A follow-up screening of 'Safety Last' on Thursday, Oct. 10 at one of my monthly series (in this case, the Flying Monkey Moviehouse and Performance Center in Plymouth, N.H.) drew a much smaller but no less enthusiastic crowd.

I was especially psyched by an older couple from Meredith, N.H., first-timers who brought a friend to the screening on a "mystery ride." The friend was a keyboard player and church organist from the old school, and they all came down afterwards to swap stories, ask questions, and just plain revel in that now-familiar 'Safety Last' afterglow.

This takes us to Friday, Oct. 11, and the first-ever modern-day screening of 'Their First Misunderstanding' (1911), an early one-reel drama starring Mary Pickford thought lost until a print surfaced in a New Hampshire barn back in 2006.

The film has since been restored, and Friday's re-premiere at Keene State College in Keene, N.H. (which is shepherding all the discovered films through restoration) was an evening-long event featuring Pickford and also author Christel Schmidt, who hosted the program.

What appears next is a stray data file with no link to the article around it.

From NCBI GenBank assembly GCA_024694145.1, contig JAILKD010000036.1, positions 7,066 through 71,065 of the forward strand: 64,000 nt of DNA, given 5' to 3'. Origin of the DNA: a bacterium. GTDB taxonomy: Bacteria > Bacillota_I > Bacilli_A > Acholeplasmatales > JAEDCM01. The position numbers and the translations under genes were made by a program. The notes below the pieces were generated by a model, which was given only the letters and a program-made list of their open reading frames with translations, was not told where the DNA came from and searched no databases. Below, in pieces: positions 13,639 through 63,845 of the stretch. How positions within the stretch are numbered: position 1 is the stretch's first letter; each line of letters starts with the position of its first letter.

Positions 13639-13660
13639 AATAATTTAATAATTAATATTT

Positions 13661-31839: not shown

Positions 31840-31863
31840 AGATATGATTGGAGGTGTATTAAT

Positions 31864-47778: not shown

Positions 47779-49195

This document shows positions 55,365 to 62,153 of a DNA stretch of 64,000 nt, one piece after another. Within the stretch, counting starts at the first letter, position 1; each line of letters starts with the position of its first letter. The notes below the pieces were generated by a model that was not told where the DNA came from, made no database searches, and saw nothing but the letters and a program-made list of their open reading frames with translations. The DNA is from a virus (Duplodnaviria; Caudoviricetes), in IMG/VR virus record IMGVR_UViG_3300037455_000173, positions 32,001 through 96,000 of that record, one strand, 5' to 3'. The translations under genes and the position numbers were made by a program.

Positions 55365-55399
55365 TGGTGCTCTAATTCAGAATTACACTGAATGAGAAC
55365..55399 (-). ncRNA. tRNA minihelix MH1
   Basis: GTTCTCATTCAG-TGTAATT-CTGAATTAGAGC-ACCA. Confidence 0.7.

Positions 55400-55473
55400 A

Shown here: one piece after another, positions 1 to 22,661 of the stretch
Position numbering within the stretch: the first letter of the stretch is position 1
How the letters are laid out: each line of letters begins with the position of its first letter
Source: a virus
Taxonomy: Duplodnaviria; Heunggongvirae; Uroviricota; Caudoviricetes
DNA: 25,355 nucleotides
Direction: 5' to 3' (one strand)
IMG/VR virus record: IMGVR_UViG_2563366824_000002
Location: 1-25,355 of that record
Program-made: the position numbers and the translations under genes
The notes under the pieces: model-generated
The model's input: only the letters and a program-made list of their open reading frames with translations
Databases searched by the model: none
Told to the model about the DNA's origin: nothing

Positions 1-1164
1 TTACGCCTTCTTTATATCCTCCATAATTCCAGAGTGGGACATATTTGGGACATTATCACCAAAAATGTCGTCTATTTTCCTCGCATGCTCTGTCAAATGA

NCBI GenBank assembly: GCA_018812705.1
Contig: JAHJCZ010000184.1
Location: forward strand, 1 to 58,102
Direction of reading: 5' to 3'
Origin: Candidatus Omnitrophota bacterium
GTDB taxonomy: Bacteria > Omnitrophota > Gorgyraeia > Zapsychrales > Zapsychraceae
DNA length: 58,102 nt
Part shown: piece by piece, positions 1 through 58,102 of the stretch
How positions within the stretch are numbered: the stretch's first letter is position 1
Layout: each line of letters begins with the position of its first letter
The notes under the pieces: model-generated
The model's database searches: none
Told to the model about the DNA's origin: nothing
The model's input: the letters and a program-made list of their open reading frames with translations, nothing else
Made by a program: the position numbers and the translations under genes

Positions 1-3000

I'd never met Christel before but I'm glad our paths crossed. She's a worthy keeper of the Pickford flame, and perhaps just as much of a hot ticket as Pickford herself must have been.

Our schedules didn't allow for much social time, and she was there to sell books, not chat with yet another silent film musician.

But I stole a few moments with her after the crowds had dispersed, and found a woman with a wonderfully wry sense of humor. And, once she gets talking, she displays the rare gift of being able to take a "tell it like it is" approach to everything and everyone, but somehow make it seem refreshing and even endearing.

Sometimes I think that working in the vintage film community, with its out-sized personalities and fragile egos and no shortage of passionate people with any number of agendas, would make good training for the diplomatic corps. If that were true, then Christel might just be our next Secretary of State.